Agnes: Baby Name of the DayOnce upon a time, Agnes seemed as ordinary as Emma is today.

Thanks to Emmy Jo and Kate for suggesting our Baby Name of the Day, and Clio for suggesting we revisit it!

Agnes: Chart Topper

Believe it or not, in sixteenth century England, you were almost sure to meet an Agnes. Only Elizabeth and Joan consistently ranked higher.

Variants abounded, like Annis and Agneta, and even the Spanish Ines surfaced in the same century.

The name derives from the Greek hagnos, or holy or chaste.

The first famous Agnes explains the many that followed. A virgin-martyr, she died under the Diocletian persecutions in Rome in the early 300s.

Her story goes like this: born into a wealthy family and courted by many eligible bachelors, she chose instead to devote her life to prayer. A rejected suitor reported her to the authorities. Grisly and horrific punishments followed, along with miraculous escapes – though she eventually died at the hands of an army officer in charge of her execution.

The stories remained popular over the centuries, and the saint was held up as a worthy role model. A folk tradition developed, too. Because she’s the patron saint of young girls, custom holds that praying to her on the eve of her saint’s day would help them discover their husbands. Or, as John Keats wrote, “Bonny Agnes, let me see, The lad who is to marry me.”

Agnes: Medieval Notables

No surprise, then, that plenty of famous women followed, including:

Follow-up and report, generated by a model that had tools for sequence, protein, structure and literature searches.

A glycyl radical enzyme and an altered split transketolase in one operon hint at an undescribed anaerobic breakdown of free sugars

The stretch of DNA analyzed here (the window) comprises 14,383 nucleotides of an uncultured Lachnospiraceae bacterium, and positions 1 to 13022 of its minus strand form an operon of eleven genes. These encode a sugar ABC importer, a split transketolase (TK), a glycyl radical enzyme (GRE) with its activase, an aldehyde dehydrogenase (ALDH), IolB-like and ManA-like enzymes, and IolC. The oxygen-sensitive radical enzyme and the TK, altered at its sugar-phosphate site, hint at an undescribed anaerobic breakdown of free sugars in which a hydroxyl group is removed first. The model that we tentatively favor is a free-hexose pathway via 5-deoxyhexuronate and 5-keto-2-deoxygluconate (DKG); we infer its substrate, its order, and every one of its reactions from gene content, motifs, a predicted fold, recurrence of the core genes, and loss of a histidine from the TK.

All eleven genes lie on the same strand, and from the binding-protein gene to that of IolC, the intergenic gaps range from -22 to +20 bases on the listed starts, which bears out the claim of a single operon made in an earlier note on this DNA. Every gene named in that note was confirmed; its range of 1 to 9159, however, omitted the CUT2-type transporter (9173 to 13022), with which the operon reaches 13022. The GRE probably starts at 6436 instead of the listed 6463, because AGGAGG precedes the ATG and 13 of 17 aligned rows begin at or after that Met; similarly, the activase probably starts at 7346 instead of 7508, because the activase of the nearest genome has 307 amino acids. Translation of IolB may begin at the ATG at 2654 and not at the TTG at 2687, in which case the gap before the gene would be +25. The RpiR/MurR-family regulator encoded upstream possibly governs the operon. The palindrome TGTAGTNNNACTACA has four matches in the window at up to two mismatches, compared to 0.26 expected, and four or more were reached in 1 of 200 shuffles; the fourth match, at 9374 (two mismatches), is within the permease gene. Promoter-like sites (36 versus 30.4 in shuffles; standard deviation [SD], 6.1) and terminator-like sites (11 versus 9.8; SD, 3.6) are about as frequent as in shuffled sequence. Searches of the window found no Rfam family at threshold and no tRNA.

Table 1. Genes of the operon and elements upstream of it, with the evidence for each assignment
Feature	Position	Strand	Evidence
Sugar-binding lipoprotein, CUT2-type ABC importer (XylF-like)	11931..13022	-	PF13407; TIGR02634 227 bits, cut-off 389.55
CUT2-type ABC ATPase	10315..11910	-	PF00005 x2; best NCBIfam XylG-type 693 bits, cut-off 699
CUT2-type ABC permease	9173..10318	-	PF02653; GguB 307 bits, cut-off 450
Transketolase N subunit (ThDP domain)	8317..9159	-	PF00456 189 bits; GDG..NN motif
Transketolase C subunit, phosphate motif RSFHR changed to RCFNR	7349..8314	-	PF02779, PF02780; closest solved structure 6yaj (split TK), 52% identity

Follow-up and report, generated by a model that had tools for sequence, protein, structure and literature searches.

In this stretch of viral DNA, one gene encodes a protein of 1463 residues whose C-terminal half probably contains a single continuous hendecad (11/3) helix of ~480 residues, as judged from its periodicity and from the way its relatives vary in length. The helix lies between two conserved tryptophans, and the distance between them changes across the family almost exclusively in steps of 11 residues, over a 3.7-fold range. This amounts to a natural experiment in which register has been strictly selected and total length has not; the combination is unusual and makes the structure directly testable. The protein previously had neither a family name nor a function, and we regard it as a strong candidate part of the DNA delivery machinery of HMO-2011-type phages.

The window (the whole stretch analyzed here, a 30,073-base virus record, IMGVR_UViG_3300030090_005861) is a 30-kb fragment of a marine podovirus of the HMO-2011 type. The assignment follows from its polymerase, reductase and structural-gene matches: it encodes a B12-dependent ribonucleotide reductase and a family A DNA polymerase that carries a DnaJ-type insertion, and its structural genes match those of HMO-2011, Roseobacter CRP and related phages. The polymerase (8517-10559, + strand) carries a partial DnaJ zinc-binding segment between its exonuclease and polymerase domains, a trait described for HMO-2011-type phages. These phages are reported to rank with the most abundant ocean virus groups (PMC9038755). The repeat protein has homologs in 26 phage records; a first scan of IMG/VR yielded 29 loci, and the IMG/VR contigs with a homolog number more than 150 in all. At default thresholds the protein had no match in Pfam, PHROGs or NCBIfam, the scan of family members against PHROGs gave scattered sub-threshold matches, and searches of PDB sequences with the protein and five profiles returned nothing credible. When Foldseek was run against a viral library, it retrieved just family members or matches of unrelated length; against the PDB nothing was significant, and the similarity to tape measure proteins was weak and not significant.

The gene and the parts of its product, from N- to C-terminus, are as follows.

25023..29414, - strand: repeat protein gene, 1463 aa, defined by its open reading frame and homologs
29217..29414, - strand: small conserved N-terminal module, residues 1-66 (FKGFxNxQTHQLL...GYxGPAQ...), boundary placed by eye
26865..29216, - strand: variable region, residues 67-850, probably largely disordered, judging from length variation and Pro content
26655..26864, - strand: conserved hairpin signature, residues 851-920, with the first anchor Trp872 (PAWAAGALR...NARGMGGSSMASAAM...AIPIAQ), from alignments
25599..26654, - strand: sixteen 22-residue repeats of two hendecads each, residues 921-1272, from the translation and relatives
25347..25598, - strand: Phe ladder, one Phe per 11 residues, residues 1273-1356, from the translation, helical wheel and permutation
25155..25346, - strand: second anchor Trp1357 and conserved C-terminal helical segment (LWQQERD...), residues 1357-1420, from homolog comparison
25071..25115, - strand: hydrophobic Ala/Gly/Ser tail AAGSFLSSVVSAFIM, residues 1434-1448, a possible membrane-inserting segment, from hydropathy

• A duke’s daughter, born to the House of Poitiers, who later married the Holy Roman Emperor and became Empress. The Empress’ mother also wore the name, and she had at least two granddaughters named in her honor.
  • King Louis VII of France gave this name to a daughter in the 1180s. She married the Byzantine Emperor, taking the name Anna.
  • A duke’s daughter became Queen of France through her 1196 marriage to King Philip II of France. Unfortunately, Philip was already married.

Dozens more women appear in the historical record, including nobles. Three more saints from the Middle Ages also answer to the name.

Agnes: Lamb

In plenty of artistic renderings, Agnes has a little lamb.

That’s because agnus means lamb in Latin. Think of Agnus Dei – lamb of God.

Between the popular saint and the Latin phrase, this name felt quite Catholic back in the day. During the Reformation, Protestant parents rejected it in favor of newer names. It would be centuries before the name regained popularity.

Agnes: Keats

Remember the John Keats poem mentioned earlier? He told the story of Madeline, a young woman dreaming of her beloved. There’s a Romeo and Juliet-esque undercurrent to the tale.

Other medieval names were revived in the nineteenth century, so this one fit right in. By the nineteenth century, it ranked in the US Top 40. It remained in the Top 100 through the 1920s.

Agnes: Famous

There’s also:

  • A nurse romanced by Ernest Hemingway; she later served as the model for several characters.